Concurrent development (i.e., utilizing the same module within two projects) can be set-up to either prevent it entirely or allow it. In most development environments it is not realistic to expect concurrent development from being prevented since there are certain modules which are changed in many releases. Therefore, when allowing concurrent development, it is important to ensure that the options in the change management system are set to send messages to all parties using the same module. The warning message should prompt all impacted parties to coordinate their changes to ensure they account for each others changes.

In order for this coordination effort to be effective, it is important that the change management system is used at the start of development which will monitor all activity. However, depending on the design of the change management system, developers may have the ability to perform most of their development outside the control of the change management system. By allowing this to occur, the developer will checkout (i.e., indicate to change management system that the production module is being used) the module they plan to use for a project at a later stage. However, the warning messages indicating concurrent development may be too late to allow for proper action to be taken. To prevent this from occurring, an enforced policy must be in place to require the developer to checkout components at the early stages of the project.

Another requirement to control concurrent development is to ensure that all modules which exist in production are required to be checked out from production. The change management system allows new modules to be migrated from libraries outside the control of the change management system. However, if a module exists in production it must be the version which is used for all changes. Otherwise, the developer may not be using the most current version and will reverse out the changes made to the last version which was last installed into production.

The only exception to the process is new releases received from third party vendors since the production version would be considered the "-1" version. However, when setting up a change management system to allow the bypass of the control which requires existing production modules to be checked out, a security process must exist to ensure that only vendor releases can use it.

The last component required to control concurrent development is to ensure that dormant projects are not allowed to migrate forward in the change management lifecycle if another package using the same module leapfrogged the project and migrated the module to production. If this was permitted, then the dormant project when installed into production would reverse out the changes of the previously installed release. The enforcement of this control is an installation option within the change management system.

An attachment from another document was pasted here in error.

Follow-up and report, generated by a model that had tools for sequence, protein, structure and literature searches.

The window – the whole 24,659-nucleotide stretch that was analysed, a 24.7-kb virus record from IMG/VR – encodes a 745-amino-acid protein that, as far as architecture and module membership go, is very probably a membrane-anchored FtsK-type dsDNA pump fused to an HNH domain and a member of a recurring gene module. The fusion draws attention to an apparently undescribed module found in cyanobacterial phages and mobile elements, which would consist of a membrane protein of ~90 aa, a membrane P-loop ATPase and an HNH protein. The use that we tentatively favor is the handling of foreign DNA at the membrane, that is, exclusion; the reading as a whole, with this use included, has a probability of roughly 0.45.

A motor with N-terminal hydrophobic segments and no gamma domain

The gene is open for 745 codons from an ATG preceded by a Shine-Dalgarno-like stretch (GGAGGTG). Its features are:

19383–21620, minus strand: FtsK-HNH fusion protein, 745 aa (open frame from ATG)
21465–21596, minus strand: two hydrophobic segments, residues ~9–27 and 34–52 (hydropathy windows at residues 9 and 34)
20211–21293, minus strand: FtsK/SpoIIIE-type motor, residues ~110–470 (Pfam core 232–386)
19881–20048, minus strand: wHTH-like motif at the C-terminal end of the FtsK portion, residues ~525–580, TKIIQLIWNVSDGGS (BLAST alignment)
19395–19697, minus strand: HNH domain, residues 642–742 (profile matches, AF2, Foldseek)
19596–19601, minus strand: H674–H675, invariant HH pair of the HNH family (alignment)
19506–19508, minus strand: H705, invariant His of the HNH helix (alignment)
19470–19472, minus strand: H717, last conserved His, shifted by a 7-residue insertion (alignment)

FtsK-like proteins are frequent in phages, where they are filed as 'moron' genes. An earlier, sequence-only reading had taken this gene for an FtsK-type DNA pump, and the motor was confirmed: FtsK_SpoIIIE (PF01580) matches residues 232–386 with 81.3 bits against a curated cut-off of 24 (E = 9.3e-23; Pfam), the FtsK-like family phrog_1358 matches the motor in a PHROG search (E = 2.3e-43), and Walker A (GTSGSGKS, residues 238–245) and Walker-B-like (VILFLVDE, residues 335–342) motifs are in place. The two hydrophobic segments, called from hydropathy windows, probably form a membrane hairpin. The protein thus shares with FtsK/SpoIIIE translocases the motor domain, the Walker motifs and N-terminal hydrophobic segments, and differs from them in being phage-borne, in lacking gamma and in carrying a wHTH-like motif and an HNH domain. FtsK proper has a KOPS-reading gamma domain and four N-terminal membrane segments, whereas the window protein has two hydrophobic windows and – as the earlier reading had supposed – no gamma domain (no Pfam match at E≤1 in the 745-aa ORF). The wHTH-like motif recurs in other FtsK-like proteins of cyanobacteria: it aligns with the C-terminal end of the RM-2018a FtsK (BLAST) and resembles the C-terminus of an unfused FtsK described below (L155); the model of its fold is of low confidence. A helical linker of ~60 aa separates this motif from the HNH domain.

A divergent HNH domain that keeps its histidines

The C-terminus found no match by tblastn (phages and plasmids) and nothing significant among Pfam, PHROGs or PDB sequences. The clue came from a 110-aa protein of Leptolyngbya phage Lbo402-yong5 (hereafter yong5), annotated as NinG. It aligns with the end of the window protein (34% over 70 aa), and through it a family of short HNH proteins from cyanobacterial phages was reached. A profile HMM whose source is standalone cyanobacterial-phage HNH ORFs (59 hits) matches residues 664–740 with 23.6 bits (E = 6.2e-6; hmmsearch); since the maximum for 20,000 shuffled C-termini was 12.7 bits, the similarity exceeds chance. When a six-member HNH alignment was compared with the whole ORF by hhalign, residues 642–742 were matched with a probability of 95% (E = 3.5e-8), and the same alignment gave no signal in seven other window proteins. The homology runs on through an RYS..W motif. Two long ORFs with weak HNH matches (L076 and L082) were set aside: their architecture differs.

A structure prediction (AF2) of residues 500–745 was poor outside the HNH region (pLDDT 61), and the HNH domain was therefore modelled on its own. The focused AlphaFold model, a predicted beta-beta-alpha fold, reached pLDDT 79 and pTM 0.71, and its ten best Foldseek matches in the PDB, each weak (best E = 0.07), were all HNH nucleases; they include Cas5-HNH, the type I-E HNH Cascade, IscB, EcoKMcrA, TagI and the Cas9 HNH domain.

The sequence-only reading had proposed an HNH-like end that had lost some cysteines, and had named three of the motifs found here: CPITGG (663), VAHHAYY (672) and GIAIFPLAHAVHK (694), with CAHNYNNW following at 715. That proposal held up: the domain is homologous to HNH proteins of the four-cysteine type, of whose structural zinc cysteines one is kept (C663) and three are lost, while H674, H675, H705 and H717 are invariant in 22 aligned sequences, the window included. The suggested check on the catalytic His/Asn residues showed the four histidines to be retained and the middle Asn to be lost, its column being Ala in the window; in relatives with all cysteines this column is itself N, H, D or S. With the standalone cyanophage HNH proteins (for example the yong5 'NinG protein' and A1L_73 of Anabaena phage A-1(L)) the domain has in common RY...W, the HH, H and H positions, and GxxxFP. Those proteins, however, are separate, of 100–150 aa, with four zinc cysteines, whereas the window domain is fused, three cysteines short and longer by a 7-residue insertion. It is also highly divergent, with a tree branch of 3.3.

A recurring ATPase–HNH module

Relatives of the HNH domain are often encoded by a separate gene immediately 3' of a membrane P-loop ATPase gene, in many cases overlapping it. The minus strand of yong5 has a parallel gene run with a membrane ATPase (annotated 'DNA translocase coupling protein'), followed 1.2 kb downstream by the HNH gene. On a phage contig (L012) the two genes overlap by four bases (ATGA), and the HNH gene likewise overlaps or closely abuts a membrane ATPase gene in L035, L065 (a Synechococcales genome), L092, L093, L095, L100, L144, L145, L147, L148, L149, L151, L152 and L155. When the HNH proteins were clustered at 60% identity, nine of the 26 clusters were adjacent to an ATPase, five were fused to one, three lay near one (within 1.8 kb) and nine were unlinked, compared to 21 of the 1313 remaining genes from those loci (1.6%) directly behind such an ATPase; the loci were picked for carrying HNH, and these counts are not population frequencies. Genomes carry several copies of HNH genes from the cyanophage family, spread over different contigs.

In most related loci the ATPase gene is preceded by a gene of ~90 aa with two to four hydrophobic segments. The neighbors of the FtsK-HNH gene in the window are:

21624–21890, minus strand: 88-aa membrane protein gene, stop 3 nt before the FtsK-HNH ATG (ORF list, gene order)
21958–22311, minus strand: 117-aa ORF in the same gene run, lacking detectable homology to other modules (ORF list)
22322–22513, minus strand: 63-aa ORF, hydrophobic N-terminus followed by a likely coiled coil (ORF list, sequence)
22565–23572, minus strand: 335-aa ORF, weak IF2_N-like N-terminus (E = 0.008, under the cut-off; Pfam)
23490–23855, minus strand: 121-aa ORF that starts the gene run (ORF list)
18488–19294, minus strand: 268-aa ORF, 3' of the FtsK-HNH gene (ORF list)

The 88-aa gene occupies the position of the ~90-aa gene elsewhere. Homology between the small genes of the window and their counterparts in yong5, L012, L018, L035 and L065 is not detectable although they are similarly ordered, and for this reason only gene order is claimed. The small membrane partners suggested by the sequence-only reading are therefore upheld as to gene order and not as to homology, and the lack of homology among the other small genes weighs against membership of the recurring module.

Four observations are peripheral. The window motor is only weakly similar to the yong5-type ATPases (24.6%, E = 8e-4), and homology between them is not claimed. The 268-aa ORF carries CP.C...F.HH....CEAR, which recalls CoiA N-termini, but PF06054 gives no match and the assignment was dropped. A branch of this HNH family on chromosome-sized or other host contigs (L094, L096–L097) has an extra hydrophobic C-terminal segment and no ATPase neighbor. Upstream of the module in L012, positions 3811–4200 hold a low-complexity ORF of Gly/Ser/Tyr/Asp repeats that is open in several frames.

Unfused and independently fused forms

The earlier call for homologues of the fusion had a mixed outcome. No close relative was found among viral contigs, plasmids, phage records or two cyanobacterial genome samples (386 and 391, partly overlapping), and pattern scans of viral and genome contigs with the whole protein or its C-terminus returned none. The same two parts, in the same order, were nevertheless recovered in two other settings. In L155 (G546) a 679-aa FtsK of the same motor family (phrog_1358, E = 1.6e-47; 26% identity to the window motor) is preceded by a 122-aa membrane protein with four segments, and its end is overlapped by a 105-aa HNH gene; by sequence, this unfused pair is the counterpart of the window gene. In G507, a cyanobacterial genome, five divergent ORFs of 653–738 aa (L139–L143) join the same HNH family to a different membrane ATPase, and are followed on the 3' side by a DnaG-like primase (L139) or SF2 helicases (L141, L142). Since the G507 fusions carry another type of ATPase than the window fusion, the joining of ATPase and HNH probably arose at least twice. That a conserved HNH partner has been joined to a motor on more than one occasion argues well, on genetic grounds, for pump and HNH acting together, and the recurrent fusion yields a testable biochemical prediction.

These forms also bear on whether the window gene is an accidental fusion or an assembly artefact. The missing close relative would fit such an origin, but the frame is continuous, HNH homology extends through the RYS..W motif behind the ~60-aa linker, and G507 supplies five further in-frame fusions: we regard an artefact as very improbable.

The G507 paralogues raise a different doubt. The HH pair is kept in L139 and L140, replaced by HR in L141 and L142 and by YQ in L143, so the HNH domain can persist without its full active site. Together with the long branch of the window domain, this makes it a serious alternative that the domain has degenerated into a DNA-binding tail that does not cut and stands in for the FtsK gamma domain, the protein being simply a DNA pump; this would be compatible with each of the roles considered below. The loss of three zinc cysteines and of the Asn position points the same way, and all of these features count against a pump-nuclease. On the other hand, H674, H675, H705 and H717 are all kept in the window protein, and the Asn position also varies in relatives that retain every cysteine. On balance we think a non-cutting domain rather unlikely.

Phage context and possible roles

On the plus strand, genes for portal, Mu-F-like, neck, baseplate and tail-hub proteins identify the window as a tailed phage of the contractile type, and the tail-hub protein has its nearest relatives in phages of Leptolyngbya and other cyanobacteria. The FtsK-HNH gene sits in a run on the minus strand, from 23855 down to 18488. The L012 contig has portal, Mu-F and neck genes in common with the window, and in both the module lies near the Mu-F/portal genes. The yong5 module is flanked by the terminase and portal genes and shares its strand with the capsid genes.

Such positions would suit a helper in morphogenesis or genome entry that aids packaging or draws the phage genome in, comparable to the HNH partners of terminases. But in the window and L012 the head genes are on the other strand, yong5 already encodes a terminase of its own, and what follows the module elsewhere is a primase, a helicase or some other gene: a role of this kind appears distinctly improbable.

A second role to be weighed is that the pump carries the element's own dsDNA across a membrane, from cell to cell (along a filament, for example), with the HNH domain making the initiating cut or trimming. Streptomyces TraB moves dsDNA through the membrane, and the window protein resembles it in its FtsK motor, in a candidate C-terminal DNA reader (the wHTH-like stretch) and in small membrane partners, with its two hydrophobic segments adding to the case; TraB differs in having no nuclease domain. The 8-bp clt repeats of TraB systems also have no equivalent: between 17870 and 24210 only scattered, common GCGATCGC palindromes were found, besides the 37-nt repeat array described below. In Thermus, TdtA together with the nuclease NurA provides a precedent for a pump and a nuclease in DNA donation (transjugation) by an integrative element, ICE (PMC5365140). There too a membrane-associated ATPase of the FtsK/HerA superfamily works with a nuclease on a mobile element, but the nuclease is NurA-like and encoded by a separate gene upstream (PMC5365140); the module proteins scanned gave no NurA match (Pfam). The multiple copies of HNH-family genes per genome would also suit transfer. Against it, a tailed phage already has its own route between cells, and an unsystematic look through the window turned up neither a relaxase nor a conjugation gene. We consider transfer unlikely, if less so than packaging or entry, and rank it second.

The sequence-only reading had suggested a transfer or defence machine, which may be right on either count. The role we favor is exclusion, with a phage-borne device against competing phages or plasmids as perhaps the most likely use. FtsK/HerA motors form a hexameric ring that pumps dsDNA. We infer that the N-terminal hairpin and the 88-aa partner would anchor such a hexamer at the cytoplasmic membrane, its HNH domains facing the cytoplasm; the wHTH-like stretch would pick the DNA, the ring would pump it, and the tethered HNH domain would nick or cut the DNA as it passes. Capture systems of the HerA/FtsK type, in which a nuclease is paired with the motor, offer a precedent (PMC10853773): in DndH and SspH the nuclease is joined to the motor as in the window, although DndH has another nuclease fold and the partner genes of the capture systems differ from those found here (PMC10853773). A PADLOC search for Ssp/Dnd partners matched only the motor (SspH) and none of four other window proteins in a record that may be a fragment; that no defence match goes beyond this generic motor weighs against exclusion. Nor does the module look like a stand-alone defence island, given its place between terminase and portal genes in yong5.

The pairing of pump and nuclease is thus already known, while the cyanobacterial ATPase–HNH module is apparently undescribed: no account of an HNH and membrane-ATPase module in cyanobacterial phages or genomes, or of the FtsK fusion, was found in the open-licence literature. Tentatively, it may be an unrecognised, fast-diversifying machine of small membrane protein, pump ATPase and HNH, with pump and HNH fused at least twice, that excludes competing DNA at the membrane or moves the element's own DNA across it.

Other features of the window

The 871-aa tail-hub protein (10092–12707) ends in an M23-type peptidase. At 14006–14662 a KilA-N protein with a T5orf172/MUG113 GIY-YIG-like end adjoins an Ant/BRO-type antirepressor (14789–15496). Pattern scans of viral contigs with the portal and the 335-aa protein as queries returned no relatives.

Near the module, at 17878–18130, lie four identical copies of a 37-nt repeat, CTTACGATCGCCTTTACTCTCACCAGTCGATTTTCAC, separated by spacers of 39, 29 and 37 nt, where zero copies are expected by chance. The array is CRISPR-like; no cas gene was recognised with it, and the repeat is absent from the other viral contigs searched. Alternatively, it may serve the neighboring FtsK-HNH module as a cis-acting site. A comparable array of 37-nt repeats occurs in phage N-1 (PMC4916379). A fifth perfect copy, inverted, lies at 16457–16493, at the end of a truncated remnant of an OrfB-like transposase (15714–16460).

There are other critical components which must be included in the design of the change management system, which are specified as follows but are not explained in the context of this article:

- controlling of shared components such as copybooks (i.e, data definitions) to ensure that all referenced programs are forced to be recompiled

- security over system libraries and called parm libraries (i.e., parm file containing compile and link options) used in compile and link process

- process for performing a back out of a release when the entire release is not desired to be backed out

- set-up of package groupings to ensure that development groups cannot access each other’s modules

- inventory of all change management component types to ensure that all modules are controlled through the change management system

- proper set-up within change management system to ensure that all compilable modules are forced to be compiled

- proper set-up in change management system to prevent load modules from being directly changed

- set-up of test environments to ensure that only modules currently being changed are actually contained within the environment

Conclusion

 

There are additional upgrades required within the change management controls to support the Y2k project which are not discussed in the article but must be defined.

Products exist for control software change management on Client/server systems but primarily focus on controlling change migration. However, they are not integrated sufficiently to support configuration management (i.e., shared components and standardized compile procedures).


For a free proposal to perform an audit of your organization or provide SOX support & testing services, contact Mitchell Levine of Audit Serve at (203) 972-3567 or via e-mail at Levinemh@auditserve.com.

Copyright  2006, Audit Serve, Inc. All rights reserved. Reproduction, which includes links from other Web sites, is prohibited except by permission in writing.

 

AuditNet - The Global Resource for Auditors

Free
Audit Vision
Newsletter

Since 1991
Join 3,500 other subscribers

General Data Protection Regulation Seminar

Copyright © 2015. All Rights Reserved.